Injury Risk Higher In Overweight Adults

Armen Hareyan's picture
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Obesity and Injury Risk

Overweight and obese adults are significantly more likely to sustain injuries that require medical treatment than their normal-weight peers.

For the extremely obese, the risk is nearly twice as high.

"Our results suggest that injury rates could increase in the future as obesity rates continue to increase," said study co-author Justin Trogdon, Ph.D., a research economist at RTI International in Research Triangle Park, N.C.,

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The study appears in the May/June issue of the American Journal of Health Promotion.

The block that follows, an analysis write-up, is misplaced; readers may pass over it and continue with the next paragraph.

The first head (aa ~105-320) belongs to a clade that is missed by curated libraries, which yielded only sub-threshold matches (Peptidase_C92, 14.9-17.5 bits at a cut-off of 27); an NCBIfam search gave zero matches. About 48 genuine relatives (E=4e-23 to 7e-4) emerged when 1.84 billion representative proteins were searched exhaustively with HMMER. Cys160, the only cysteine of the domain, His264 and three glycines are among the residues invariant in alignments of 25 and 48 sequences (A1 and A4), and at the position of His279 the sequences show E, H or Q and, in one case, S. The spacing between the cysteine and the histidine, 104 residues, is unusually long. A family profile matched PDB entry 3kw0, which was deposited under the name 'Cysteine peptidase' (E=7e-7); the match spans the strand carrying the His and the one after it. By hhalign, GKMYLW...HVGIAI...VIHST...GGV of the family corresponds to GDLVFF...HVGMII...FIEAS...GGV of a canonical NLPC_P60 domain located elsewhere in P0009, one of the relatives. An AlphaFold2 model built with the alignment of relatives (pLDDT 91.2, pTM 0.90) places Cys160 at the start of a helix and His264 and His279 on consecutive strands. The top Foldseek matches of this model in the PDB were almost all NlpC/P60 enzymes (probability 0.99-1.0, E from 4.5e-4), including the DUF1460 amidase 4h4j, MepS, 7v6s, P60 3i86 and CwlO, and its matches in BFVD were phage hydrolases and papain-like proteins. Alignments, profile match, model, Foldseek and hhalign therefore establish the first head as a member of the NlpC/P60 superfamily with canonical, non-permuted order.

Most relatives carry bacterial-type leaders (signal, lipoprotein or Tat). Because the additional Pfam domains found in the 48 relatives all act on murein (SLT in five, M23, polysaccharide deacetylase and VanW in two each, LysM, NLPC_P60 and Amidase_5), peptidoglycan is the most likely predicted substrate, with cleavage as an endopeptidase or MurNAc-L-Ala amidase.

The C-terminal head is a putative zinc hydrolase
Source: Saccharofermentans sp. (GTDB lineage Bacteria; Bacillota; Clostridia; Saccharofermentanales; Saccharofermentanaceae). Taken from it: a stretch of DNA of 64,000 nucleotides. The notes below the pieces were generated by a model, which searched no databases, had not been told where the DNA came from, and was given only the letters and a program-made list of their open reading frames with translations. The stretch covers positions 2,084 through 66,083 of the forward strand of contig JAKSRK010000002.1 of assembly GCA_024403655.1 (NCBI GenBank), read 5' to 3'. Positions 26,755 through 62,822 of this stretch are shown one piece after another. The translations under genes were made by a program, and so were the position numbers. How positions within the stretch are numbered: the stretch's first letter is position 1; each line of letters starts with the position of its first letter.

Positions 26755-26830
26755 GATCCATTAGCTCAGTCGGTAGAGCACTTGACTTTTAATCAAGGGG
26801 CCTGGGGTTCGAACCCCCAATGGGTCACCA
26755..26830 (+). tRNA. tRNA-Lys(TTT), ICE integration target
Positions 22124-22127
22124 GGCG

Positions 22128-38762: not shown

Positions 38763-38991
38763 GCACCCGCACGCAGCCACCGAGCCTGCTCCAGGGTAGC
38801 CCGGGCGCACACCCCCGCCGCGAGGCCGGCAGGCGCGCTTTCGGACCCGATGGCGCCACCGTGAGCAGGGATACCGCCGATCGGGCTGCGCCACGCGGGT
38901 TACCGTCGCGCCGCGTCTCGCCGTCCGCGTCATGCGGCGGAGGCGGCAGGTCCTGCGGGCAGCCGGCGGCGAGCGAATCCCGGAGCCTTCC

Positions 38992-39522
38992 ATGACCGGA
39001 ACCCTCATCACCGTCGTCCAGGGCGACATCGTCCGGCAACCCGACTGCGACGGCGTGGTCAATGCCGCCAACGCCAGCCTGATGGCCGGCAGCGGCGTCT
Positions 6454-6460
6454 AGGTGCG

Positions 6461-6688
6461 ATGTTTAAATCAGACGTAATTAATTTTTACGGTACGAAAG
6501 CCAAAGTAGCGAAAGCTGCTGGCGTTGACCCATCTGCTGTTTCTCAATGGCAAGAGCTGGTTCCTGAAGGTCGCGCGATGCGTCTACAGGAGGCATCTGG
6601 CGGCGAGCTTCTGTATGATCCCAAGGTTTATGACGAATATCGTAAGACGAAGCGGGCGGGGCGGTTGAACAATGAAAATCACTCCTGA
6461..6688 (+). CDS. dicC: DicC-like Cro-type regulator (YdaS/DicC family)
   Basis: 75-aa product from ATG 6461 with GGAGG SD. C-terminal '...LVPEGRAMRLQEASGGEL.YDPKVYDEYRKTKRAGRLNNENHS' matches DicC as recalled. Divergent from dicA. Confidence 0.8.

Trogdon and colleagues analyzed data from a large survey of medical expenditures administered by the federal Agency for Healthcare Research and Quality.

The 42,304 adults who participated noted all medical conditions, injuries and health care expenditures that occurred between 1999 and 2002. They also reported height and weight, which researchers used to calculate body mass index.

Researchers found that as BMI increased, so did a person's risk of sustaining an injury requiring medical treatment.

Overweight adults (BMI between 26 and 29) had a 15 percent increased risk of injury compared to normal-weight adults. Morbidly obese adults (BMI of 40 and over) had the highest risk of injury

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